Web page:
Studying pesticide effects in bees is fundamental; the farmer must learn to select and apply pesticides to control diseases and plagues without risks to the survival of beneficial insects . The presence of pesticide residues is generally detected by physical, chemical, and biological methods. Theoretically, any organism that is susceptible to an insecticide can be used in these assays, in any environmental sample, and thereby it is possible to make use of biomonitoring to detect some pollutants.
The evaluation and contribution of possible sublethal effects of pesticides in bees have been discussed by scientists and regulation committees . Effects reported by these authors include alterations in learning behavior and the ability of orientation. The alteration in isozyme expression such as esterase that plays a role in metabolism of xenobiotic of bees is another way to use these insects in environmental monitoring.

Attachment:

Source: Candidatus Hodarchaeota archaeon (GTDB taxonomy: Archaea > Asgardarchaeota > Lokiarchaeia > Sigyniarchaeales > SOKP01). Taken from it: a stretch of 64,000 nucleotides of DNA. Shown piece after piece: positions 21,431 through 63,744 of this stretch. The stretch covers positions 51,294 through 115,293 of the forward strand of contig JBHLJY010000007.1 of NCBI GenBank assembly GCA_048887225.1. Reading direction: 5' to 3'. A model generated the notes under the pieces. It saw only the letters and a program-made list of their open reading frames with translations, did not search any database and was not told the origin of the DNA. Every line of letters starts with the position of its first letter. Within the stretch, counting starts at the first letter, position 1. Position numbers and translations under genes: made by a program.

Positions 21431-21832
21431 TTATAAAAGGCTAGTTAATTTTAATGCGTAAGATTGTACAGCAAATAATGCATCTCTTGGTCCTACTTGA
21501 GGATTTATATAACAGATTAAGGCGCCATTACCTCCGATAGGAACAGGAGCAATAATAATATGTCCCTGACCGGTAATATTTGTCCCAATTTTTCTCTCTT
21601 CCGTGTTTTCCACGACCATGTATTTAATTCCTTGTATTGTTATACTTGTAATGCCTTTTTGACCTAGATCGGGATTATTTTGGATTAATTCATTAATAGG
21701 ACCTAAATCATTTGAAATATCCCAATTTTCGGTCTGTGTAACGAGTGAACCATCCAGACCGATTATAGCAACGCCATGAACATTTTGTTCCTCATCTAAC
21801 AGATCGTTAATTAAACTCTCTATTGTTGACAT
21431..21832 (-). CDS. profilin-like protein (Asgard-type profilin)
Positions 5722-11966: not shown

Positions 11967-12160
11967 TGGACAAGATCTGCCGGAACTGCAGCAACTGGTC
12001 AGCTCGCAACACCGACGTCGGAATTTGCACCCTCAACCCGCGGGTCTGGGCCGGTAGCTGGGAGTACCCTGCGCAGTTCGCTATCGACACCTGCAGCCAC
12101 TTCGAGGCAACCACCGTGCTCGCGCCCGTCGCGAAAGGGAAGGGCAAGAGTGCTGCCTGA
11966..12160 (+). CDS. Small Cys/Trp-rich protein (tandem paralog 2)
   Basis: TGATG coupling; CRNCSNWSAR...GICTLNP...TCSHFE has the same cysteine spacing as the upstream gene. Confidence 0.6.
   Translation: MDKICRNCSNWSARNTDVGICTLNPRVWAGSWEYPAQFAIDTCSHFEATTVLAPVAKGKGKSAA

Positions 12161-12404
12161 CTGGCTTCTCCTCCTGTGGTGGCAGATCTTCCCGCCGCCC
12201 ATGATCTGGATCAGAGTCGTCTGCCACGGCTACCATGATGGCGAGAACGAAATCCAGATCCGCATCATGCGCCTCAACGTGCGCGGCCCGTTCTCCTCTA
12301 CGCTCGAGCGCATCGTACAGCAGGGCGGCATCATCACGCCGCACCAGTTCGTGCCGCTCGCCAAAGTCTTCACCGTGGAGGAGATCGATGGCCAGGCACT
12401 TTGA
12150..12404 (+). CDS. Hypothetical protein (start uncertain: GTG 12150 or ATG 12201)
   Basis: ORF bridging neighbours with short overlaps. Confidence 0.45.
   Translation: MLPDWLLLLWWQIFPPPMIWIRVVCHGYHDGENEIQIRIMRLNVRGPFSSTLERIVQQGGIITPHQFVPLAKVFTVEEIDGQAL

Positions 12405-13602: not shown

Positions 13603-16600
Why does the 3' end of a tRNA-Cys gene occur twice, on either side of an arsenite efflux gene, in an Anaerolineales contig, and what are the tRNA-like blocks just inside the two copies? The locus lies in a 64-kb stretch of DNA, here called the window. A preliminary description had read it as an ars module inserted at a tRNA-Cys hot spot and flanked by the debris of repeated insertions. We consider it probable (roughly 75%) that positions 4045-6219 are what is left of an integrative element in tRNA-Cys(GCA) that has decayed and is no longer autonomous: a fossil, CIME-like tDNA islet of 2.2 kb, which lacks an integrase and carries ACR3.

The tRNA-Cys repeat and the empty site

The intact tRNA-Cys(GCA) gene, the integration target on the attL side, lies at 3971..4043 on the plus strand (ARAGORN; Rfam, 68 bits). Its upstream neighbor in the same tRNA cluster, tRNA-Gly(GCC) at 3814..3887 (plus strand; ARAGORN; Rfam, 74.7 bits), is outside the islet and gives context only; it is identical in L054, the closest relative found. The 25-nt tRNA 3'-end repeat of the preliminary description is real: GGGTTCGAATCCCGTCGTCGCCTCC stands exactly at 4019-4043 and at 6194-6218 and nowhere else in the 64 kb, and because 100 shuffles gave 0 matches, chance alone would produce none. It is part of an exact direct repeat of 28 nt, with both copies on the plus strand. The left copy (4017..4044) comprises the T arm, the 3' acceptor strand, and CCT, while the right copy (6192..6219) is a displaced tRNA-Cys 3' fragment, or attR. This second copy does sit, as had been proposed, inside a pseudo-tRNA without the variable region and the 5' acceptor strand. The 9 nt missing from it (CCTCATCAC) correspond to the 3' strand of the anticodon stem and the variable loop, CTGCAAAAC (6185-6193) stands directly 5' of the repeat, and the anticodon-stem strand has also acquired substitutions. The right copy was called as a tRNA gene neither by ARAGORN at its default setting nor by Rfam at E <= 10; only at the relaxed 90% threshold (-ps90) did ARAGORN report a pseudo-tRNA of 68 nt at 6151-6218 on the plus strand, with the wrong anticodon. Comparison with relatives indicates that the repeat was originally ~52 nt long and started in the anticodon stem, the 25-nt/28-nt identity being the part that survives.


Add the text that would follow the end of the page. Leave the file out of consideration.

Due to the importance of bees as pollinators, the usual interaction of beekeeping-agriculture, and the occurrence of areas with natural forests near agricultural areas, it is possible to study the sublethal effects of pesticides in bees. One way to do this is by electrophoretic analysis of esterase; verifying the presence or absence of an alteration in these isozymes can be useful in detecting the environmental contamination in regions in which the bees are visiting or by drifting during the pesticide application.
This review discusses environmental quality using bees to detect residues of pesticides and the alteration that can occur after contamination by sublethal doses of pesticides generally used in agriculture by developed methods with honeybee
2. Pesticides and biomonitoring